11) Visually inspect the center console. Many have failed due to their design. If the previous owner put any significant weight on the center console cover, it is most likely cracked. The cracking starts at the curved rear portion on the driver’s side and progresses up through the center of the console cover. Often you can press down on the cover and see it flexing abnormally in this area and determine that it is unsound. It’s an easy fix, but if out of the bumper to bumper warranty, it will cost about $100 for a new part. If in doubt, pull up on the rear of the console cover and it will pop up so you can visually inspect the underside.
12) Visually inspect the tire pump assembly in the trunk. It’s about $50 to replace and its all you have on the road.
13) Visually inspect the intercooler for damage or defects. Many have been run into curbs and damaged, they are subject to foreign object damage on the road and unless you give them a good look you may not discover it until you have a problem. In rare instances, GMPP equipped GXPs have experienced splitting of the IC can on the outlet side. It is hidden by the plastic shroud but you can infer damage if there are codes thrown regularly or on cold start you listen up front near the ground you can hear a sucking sound.
14) Manually inspect the hose clamps for tightness. Give the air cleaner a quick look. If its full of tons of junk, that may be an indicator of the attention that the car received from the current owner and be a subject for triggering a more detailed inspection of the car by a trusted tech.
15) Check the condition of the MAF sensor where it mates with the intake tubing up front. Some have been broken off and glued back on as an expedient repair. This is not necessarily bad but is another indicator of the level of attention the current owner gave to the car.
16) Check for heavy uneven wear in the tires. If they were rotated as required, they should be evenly worn. If they are not, then that is another indicator.
17) Pull up the passenger side carpet and give the BCM a quick look. Is the cover in place? Does it show signs of having been removed frequently? Are there any signs of modification or tampering?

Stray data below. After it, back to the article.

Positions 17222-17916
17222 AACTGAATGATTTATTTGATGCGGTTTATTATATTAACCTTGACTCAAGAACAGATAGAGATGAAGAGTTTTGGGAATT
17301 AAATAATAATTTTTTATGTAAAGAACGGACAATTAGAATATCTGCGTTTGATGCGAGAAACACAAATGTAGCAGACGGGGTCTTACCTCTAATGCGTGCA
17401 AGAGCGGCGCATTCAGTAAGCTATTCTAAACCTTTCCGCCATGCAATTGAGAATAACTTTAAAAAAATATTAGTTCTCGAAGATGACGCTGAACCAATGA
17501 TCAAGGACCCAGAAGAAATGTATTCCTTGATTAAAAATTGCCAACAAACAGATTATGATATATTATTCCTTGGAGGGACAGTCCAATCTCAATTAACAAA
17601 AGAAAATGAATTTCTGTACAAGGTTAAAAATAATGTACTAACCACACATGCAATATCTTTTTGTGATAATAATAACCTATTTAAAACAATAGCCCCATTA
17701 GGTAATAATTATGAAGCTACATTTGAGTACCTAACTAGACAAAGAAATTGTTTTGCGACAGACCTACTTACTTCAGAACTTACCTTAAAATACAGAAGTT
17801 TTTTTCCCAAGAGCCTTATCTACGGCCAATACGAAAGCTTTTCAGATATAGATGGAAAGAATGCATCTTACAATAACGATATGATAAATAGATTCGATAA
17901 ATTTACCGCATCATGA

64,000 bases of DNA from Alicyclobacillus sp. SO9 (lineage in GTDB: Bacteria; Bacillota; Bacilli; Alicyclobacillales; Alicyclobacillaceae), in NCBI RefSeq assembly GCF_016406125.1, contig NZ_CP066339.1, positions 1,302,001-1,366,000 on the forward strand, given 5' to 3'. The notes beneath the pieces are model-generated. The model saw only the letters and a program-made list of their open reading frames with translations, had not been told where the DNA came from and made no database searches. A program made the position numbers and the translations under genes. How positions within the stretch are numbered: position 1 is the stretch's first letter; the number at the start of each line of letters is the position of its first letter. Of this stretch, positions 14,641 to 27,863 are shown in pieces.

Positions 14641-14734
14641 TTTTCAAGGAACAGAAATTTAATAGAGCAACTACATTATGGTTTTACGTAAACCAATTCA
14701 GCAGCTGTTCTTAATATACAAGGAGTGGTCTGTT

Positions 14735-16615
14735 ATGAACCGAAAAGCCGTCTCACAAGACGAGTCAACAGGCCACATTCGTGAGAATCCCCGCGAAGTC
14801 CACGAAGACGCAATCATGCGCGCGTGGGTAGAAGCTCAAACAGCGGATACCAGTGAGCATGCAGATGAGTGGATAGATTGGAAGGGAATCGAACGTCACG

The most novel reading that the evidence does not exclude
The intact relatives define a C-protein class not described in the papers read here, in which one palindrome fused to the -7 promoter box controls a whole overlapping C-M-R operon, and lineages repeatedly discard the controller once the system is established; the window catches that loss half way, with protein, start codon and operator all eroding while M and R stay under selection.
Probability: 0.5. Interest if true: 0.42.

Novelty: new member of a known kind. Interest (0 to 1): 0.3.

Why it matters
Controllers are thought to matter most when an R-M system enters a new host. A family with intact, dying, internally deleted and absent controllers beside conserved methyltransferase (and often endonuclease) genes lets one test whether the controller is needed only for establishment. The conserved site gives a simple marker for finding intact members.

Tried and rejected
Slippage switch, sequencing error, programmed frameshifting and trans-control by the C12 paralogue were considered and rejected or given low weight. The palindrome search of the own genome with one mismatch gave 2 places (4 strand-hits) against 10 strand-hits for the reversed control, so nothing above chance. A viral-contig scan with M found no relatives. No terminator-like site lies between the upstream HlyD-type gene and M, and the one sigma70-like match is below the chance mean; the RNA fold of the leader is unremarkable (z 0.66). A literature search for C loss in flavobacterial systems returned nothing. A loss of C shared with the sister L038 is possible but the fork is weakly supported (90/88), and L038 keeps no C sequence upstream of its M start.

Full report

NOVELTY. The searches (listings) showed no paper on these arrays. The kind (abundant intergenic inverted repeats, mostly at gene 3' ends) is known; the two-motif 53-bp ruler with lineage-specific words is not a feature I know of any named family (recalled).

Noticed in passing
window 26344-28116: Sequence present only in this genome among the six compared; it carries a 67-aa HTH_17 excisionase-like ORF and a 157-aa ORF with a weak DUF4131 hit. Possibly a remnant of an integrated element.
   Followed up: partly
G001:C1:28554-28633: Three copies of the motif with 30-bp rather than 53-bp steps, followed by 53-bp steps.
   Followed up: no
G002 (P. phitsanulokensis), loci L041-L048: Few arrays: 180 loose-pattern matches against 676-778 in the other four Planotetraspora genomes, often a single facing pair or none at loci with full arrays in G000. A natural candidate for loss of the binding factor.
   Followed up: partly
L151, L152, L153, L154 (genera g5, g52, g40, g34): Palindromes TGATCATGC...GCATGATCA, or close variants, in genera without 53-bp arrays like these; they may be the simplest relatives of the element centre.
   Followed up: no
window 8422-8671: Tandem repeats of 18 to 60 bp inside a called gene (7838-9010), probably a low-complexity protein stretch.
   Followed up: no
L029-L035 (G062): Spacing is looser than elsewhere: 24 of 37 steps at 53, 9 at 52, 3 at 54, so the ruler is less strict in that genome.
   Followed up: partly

18) Inspect the fuse / relay box on the left side of the engine bay at the firewall. Look for any signs of problems, excessive handling or modifications.
19) Visually inspect the turbo for any signs of external cracking, oil leaking, or “modifications” to the actuation rod. The locktite should be intact with no signs of the nut having been turned.
20) Check the coolant level and color. If there is any question or anomaly, have it tested for specific gravity.
21) Have a person sit in the passenger seat to verify the proper operation of the seat airbag sensor. Several have failed and its relatively expensive to have them repaired out of warranty.
22) Check for proper operation of the driver’s seat lift motor. Many are never used and need to be lubricated to free them up properly.
23) Road test the car. Make sure all systems are functional. Check the DIC for all displays and the presence of any codes or warnings.
24) Visually inspect all the rubber seals – they are hard to find and some are very expensive.
25) Visually inspect the condition of the headlight and tail light assemblies. They are expensive and difficult to find. Some light pitting can be polished out but cracks are a problem.
26) For automatic cars, drive the car in low speed conditions an check for smooth upshifts and downshifts. Some cars are experiencing very hard 3-2 and 2-1 downshifts apparently due to undiagnosed camshaft position sensor failures.